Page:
Miles Gendron, a boom/bust forward-turned-defensemen with high-end skating, is currently third among UConn defensmen in scoring with 5 points in 12 games. UConn is a fairly new program to the Hockey East conference (where Jack Eichel, Colin White, etc. play) so Gendron has been getting his fair share of minutes, even as a freshman, which is good for his development. Generally, you have to be one of the best players on your NCAA team to garner a pro contract and eventually an NHL spot (Erik Condra and Colin Greening were the top point getters for their respective college teams!), but the benefit of the NCAA, especially for defensemen, is that you have 3-4 years to develop and work on your practice habits in the gym a lot more than you'd get to in Canadian junior. It's going to be a long journey for the 2014 3rd round pick, but I'm excited to see if he'll get there.

Kelly Summers, the Sens 7th round pick in 2014, is currently second among Clarkson D (Mark Borowiecki's old stomping ground) in scoring with 6 points in 15 games. Summers is a smart, two-way defenseman who was named to the ECAC's all-rookie team last year after being named the CCHL's Top Prospect the year before while playing with the (local!) Carleton Place Canadians. Now, there aren't many NHL alumni for either award minus Shayne Gostisbehere (though there are a ton of drafted players), but all you can ask Summers to be is among the best in his peer group, which he has been. His weakness is his skating, but he's definitely with the right development team for that (hi, Mark Stone!). I expect him to take all four years at college before turning pro.

The last defenseman is the oldest, despite only being drafted in the 4th round this year. Although Christian Wolanin has hockey roots and was perhaps drafted for standing out against many players who were younger than him (he was the one of the oldest players in the USHL last year), Wolanin's 41 points in 56 games and standout performance for Team USA at the U19 World Junior A Challenge caught the eye of the Sens scouting staff. He hasn't disappointed with a 0.5 PPG on the second-pair for a strong North Dakota team that's aiming for the Frozen Four (though again, he isn't the typical freshman due to his age). Wolanin will have to elevate his play even more to garner an NHL contract near the end of his deal as he'll already be 24, although the Sens didn't shy away from giving Princeton product Michael Sdao a contract when he was in a similar situation a couple of years ago.


Remember how I said that how many players you have at each position can influence future player transactions? Filip Ahl is the only junior-level prospect that the Senators have playing "left-wing", which may be intentional due to the abundance of left-wingers currently fighting for NHL spots at the pro level (Shane Prince, Matt Puempel, Ryan Dzingel, Dave Dziurzynski, Colin Greening). Despite tearing up the Swedish J20 circuit for the second consecutive year (20 goals, 42 points in 34 games last year - 18th in league scoring; 18 goals, 31 points in 18 games this year - 4th in league scoring), Ahl didn't make the cut for Sweden's U20 team. Ahl is a June birthday, so he was one of the younger players eligible for the 2015 draft and still has another couple years of U20 eligibility left. Like Jaros, we thought that he may have had a shot at full-time SHL duty for HV71, but it's a tough league for a young player to get ice-time. Ahl is the youngest player to suit up for HV71 this season, so it's still a testament that he managed to get into 14 games despite the lack of production (0 points). Given his powerful style of play, I wonder if he'd consider applying for the CHL Import Draft a la Tobias Lindberg.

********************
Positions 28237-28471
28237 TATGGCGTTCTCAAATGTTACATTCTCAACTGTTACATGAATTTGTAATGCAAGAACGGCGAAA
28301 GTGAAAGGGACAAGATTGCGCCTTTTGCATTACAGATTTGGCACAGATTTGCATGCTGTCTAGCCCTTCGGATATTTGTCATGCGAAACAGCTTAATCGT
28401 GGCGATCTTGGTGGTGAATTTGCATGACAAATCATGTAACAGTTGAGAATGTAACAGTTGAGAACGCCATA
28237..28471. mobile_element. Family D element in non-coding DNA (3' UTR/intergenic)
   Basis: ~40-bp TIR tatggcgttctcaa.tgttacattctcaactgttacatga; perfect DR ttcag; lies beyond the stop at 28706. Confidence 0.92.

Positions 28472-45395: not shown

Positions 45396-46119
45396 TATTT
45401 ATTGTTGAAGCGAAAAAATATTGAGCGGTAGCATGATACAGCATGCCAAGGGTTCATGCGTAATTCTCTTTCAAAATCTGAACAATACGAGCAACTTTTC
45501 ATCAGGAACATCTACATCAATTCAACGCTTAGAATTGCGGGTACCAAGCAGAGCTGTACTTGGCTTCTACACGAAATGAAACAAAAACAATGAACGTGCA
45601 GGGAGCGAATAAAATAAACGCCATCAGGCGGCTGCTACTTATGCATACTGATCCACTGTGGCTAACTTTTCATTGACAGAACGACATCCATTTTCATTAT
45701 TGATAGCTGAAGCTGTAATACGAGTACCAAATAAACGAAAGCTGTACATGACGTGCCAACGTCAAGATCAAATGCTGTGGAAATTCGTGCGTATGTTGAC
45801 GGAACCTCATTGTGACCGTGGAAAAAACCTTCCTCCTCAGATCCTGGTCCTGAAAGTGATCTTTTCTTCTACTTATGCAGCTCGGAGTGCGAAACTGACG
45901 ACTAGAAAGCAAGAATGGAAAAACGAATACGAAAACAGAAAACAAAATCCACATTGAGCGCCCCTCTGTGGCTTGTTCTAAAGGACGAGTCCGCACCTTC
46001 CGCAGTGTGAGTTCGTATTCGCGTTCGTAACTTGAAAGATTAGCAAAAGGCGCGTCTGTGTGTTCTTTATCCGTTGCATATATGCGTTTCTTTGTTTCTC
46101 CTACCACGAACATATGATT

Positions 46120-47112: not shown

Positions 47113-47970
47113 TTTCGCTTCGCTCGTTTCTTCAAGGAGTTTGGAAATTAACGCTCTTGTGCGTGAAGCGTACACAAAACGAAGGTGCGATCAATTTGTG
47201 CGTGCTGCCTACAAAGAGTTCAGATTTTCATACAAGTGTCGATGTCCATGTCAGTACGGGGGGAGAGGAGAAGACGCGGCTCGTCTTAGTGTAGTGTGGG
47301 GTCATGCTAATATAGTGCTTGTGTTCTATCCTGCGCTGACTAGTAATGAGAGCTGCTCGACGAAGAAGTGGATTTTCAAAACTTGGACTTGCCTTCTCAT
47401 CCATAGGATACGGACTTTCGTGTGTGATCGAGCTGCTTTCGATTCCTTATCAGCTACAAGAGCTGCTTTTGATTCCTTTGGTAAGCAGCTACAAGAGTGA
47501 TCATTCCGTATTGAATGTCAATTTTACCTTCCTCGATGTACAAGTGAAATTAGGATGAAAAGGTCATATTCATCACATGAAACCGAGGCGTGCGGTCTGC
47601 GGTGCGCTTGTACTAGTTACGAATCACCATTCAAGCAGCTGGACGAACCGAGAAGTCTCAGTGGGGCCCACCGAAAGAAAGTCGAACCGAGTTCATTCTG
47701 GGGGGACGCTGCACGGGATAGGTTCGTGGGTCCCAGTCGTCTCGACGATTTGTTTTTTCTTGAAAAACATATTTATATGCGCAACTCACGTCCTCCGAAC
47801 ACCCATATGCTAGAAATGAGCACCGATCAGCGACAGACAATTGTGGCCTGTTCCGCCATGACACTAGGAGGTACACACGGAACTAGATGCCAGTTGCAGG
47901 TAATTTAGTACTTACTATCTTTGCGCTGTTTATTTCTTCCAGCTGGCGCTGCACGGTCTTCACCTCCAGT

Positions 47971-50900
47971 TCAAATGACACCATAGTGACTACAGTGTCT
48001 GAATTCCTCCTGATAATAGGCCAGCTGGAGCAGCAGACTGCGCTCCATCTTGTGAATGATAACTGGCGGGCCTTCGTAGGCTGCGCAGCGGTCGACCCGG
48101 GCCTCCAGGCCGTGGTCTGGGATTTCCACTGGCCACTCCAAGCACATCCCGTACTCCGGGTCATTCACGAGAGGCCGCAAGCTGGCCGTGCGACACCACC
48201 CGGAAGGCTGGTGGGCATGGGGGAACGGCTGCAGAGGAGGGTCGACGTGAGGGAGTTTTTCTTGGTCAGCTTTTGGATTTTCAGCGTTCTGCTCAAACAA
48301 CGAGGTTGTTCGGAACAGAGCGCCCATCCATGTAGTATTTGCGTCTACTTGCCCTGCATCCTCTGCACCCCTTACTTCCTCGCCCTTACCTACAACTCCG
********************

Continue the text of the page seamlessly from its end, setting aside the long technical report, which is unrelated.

At right-wing, we have two NCAA prospects and two CHL prospects.

On the NCAA side, there isn't much to report. Chris Leblanc, who was an overaged unranked player drafted by the Senators in the 6th round in 2013 has performed as just that - a player worthy of being unranked. Drafted out of the EJHL (current home of another ??? pick from that year, Tim Boyle), Leblanc's point totals have decreased in every NCAA season -- he's currently in his third and has two points in 13 games. A textbook example of what happens when you draft for size (6'3, 205lbs) with not much else, I'd be surprised to see Leblanc offered a pro contract. 2014 4th round pick Shane Eiserman has had the pedigree - he just needs to put it together. After winning a Silver Medal at the U18s with Team USA and the Gold at the World Junior A Challenge (w/ Christian Wolanin) in his draft eligible year, Eiserman put up a modest 15 points in 35 games for a strong UNH squad playing in the Hockey East. Expected to step up this year, Eiserman only has 6 points in 15 games so far, although UNH's depth has drastically fallen off as a whole (2014-15, 2015-16 stats). As a player who bested everyone in many of the strength categories at the NHL Draft Combine and is known to be a strong forechecker with good puck pursuit, Eiserman will have to step it up to garner an NHL contract over his next two seasons.